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04 April 2019

NMA: Publisher’s Right Will Strengthen Creative Industries

A Publisher’s Right enabling content creators to better protect the value of their work online will strengthen the creative industries by increasing investment in music, writing, journalism, animation and the arts, David Dinsmore has said.

In a piece for PR Week, News Media Association chairman Mr Dinsmore said that there had been some “misplaced outcry” around the European Parliament's vote to adopt the EU Copyright Directive.

Mr Dinsmore said: “Far from stifling creativity, the sensible and pragmatic measures contained within the Directive, including the ‘Publisher’s Right’, seek to protect content creators from having their work freely used on the internet without the requisite permissions.

“By enabling content creators - such as news media publishers - to better protect the value of their work online, much needed revenue will flow towards them.

“Britain needs a vibrant creative sector that is incentivised to invest in original, high-quality content. The news industry is a vital part of that. Copyright means more investment in music, writing, journalism, animation and the arts.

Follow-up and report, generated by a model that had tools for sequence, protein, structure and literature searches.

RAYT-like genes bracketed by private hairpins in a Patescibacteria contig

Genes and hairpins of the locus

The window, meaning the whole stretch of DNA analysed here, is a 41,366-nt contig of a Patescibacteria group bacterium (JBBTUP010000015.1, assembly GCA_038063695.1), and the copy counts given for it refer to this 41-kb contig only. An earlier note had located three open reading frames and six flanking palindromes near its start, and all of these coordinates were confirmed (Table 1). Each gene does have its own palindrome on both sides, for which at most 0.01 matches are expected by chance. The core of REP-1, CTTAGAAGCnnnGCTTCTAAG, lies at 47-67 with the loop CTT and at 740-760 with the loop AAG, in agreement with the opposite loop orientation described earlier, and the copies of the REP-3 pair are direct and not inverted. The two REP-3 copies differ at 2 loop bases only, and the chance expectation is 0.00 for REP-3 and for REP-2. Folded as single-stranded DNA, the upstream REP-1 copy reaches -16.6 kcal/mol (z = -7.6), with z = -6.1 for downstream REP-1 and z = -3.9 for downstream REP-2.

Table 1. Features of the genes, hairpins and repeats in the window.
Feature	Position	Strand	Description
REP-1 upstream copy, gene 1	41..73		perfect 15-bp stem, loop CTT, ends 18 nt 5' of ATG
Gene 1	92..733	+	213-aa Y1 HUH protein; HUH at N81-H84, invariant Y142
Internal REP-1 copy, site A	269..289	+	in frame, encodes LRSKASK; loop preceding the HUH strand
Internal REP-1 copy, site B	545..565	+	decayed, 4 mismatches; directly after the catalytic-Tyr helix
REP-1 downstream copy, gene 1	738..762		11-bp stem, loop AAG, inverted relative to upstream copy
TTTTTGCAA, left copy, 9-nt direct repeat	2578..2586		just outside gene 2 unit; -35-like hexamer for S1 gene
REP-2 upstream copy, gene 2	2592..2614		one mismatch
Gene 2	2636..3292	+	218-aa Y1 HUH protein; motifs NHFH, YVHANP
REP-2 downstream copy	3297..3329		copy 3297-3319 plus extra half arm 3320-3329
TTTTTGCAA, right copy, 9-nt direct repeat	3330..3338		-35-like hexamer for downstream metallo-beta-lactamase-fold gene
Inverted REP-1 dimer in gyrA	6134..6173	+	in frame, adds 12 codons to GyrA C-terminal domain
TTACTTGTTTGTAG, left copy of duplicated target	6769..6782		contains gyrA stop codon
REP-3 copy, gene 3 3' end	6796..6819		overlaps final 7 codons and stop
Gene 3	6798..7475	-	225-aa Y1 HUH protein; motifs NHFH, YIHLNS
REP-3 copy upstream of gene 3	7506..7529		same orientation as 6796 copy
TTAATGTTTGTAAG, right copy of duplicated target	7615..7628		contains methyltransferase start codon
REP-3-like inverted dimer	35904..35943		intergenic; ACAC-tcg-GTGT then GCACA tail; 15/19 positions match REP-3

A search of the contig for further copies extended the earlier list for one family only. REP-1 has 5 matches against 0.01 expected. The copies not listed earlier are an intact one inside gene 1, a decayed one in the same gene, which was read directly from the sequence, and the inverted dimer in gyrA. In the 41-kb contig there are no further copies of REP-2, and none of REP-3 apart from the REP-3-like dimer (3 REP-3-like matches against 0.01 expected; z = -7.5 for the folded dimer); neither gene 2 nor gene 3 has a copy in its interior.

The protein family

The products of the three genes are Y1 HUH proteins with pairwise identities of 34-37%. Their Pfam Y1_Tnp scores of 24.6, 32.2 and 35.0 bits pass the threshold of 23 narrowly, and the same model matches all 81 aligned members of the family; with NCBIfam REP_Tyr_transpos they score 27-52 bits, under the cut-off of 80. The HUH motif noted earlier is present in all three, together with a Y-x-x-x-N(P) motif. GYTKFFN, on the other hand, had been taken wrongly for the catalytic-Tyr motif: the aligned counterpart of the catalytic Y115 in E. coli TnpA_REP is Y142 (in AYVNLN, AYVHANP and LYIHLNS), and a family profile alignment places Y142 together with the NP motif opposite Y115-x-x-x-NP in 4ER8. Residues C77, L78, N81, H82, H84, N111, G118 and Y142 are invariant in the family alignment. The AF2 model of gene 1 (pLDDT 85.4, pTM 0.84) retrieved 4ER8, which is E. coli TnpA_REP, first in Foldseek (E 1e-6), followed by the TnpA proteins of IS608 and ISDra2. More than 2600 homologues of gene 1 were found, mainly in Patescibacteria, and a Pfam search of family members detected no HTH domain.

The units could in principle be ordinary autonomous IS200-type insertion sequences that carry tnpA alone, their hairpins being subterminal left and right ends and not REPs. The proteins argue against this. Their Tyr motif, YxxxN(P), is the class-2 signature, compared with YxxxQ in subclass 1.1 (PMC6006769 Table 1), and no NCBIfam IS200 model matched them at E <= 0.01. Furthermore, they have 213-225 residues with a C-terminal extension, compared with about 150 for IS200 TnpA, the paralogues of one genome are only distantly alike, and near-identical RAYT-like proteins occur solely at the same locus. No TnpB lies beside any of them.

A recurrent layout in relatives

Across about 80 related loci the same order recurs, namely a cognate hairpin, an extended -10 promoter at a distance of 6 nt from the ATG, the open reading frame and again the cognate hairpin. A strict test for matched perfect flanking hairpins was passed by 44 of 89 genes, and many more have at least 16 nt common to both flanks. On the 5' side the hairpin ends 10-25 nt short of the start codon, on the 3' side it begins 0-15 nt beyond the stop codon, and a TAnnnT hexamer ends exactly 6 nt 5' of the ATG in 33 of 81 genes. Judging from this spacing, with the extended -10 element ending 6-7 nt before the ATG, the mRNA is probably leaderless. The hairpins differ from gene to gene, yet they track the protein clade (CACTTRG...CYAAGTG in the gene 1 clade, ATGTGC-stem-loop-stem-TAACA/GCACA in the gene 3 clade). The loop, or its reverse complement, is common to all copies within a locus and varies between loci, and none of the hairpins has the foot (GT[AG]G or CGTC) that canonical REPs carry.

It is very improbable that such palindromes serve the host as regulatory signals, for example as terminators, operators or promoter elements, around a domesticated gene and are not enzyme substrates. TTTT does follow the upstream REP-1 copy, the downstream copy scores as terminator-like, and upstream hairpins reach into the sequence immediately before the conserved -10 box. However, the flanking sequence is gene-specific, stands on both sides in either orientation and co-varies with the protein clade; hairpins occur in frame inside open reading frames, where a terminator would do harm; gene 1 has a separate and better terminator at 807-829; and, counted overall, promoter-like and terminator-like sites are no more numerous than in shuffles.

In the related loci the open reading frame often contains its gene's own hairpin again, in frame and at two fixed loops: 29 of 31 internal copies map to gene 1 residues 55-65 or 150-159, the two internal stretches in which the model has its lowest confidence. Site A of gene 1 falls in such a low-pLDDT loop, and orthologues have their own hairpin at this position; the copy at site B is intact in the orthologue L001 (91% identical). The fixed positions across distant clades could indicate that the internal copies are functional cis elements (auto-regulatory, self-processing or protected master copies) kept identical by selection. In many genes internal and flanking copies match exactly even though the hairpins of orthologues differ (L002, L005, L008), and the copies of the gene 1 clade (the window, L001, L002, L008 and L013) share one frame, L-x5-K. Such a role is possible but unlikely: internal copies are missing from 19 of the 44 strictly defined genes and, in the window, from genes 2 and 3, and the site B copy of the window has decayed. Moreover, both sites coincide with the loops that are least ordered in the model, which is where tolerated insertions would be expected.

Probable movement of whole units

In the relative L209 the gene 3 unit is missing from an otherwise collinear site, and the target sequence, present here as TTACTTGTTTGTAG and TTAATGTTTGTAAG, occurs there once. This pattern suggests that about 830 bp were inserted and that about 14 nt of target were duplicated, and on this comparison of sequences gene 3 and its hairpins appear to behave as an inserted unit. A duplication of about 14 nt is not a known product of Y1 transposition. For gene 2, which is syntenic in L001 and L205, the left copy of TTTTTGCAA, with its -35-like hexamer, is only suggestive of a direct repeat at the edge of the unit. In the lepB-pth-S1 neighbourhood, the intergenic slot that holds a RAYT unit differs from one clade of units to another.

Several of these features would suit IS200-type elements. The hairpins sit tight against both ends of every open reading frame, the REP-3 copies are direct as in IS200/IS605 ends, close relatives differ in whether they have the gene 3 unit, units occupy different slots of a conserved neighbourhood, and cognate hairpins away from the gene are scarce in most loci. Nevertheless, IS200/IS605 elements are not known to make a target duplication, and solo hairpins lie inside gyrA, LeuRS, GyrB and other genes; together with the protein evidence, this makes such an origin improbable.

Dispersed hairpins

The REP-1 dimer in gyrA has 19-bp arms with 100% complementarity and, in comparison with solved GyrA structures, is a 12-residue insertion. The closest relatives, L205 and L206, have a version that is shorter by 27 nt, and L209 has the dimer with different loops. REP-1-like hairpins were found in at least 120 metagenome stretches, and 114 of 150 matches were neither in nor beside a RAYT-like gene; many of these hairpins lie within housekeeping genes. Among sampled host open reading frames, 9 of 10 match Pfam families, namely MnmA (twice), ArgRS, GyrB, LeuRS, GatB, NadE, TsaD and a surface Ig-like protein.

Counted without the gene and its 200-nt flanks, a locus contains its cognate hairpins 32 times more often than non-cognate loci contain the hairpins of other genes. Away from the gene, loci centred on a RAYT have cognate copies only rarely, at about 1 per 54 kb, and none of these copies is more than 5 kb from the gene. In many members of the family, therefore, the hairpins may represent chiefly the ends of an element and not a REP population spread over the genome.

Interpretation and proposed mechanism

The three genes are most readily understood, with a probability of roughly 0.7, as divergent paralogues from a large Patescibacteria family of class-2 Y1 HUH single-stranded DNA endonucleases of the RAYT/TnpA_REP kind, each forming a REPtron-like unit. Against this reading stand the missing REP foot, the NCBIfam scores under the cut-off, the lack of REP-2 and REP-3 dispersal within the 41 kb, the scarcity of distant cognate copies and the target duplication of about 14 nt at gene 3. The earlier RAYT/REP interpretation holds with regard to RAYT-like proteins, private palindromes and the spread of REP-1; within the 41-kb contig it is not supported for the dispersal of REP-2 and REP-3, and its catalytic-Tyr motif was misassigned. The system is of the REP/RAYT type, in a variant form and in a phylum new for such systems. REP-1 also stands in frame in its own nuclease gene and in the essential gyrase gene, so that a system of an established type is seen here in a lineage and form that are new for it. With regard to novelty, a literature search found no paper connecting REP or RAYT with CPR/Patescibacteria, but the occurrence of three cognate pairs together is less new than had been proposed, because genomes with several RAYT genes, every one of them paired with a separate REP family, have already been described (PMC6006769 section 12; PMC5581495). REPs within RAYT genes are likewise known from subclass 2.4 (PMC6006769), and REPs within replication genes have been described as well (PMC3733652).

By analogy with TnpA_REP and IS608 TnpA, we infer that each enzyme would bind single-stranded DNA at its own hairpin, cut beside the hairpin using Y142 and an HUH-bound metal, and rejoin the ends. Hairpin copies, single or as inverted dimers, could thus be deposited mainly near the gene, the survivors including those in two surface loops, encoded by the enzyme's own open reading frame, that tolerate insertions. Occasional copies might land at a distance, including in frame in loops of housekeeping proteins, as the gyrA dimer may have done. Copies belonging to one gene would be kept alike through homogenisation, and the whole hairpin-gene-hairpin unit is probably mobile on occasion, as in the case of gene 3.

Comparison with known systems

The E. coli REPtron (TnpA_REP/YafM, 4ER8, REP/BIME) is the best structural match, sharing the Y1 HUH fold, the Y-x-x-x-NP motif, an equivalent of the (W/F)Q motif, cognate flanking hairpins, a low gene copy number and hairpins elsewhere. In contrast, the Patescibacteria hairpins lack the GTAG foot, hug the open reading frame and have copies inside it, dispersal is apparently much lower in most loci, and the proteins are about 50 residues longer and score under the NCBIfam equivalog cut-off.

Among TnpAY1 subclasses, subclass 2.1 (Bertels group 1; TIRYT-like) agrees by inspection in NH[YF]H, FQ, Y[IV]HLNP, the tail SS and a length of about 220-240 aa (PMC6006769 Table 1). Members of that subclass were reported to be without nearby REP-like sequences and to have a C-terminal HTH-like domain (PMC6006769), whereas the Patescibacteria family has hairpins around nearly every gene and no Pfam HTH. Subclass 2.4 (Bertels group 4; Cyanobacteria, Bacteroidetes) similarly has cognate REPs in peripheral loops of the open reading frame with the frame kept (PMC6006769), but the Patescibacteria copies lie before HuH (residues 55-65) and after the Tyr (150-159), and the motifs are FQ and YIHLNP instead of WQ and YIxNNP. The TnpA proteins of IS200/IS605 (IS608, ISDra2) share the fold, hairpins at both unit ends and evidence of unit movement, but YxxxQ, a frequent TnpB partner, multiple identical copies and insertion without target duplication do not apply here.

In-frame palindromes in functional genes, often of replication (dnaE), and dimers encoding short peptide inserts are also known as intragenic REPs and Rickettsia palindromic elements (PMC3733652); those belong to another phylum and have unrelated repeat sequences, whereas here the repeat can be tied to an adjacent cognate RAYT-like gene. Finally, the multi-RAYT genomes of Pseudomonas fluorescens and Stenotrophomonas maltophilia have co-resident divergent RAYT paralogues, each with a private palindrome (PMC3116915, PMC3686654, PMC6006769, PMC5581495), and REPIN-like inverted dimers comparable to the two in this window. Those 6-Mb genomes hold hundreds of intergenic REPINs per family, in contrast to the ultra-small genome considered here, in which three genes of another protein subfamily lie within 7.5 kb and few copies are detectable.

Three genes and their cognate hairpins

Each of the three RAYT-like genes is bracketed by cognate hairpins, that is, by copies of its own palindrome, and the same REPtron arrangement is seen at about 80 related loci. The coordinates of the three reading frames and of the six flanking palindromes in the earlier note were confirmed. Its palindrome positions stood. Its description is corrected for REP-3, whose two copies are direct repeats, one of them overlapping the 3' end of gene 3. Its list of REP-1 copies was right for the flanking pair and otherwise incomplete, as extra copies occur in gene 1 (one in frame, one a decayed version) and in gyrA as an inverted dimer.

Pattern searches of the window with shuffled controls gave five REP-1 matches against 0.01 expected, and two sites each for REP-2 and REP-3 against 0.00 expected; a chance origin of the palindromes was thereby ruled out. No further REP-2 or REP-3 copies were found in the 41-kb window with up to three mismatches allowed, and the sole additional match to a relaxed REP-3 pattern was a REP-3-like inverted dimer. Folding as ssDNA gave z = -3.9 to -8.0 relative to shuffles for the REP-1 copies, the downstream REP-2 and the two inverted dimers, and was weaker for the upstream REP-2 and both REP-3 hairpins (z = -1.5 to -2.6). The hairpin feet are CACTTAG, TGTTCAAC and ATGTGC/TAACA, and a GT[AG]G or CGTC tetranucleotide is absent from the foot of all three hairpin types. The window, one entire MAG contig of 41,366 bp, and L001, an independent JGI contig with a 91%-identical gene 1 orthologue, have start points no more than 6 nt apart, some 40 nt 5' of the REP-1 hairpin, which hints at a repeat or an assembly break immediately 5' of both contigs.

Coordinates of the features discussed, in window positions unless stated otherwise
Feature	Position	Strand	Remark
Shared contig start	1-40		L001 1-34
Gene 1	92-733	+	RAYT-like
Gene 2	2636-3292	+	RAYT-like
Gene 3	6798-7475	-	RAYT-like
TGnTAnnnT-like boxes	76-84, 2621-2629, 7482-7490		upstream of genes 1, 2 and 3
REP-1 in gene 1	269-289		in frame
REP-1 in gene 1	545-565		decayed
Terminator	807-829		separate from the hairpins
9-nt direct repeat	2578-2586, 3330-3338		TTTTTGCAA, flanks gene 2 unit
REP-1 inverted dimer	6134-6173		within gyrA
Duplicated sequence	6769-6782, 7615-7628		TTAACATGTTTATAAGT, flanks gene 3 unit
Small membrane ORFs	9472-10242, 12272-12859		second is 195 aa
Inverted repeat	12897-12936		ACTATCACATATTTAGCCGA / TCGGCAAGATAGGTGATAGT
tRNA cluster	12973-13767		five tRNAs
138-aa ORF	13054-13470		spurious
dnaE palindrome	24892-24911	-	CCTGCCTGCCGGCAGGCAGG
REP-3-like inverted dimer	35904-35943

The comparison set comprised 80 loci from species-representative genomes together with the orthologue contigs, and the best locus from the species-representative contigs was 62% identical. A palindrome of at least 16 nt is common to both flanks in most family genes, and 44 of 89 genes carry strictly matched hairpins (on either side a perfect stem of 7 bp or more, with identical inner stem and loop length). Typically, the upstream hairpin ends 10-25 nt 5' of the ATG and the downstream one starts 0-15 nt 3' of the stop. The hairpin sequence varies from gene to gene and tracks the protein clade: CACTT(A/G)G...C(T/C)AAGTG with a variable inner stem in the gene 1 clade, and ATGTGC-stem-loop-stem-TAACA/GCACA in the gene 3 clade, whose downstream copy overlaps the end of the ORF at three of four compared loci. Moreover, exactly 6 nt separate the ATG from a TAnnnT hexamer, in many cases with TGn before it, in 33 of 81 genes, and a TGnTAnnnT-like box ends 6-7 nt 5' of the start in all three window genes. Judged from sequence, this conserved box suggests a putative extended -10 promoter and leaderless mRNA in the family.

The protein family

Mr Dinsmore said that the measures in the Copyright Directive had been misrepresented by those who will need to adapt their businesses to ensure that copyright is now protected. The Wild West of online activity is being tamed and platforms that take no responsibility for what they publish will now have to put measures in place, he added.

Mr Dinsmore added: “The so-called ‘link tax’ is nothing of the sort. The Publisher's Right explicitly does not prevent acts of hyperlinking, and will not affect internet freedom. Individuals will not be prevented from linking to social media, either via apps or via email. Indeed, it is in publishers’ interests for readers to recommend their content and share it with family and friends.

“Aggregators would be free to continue to serve links to their users, along with individual words or very short extracts. And, if they want more, they are free to do a licencing deal with the content creators; hardly a draconian change that’s going to break the internet.”

Mr Dinsmore called for the creative sector to come together to urge the UK Government to adopt the proposals as soon as possible. He said: “By enabling content creators to better protect their work from being exploited online, the Publisher’s Right will increase and enrich our creative output, not diminish it.

“Brexit may rumble on, creating continued uncertainty, but that should not get in the way of ensuring that the UK’s copyright laws are made fit for the digital age. It will be good news for everyone who values the UK’s place as a world leader in the creative industries.”

In a letter to the House of Commons EU Scrutiny Committee, the IP Minister Chris Skidmore said: “I believe that negotiations on this Article have been successful from a UK perspective, and that the right will improve the position of press publishers in the value chain, giving them a better online environment that will allow them to more easily monetise and enforce the rights in their content, without undermining basic internet functionality”.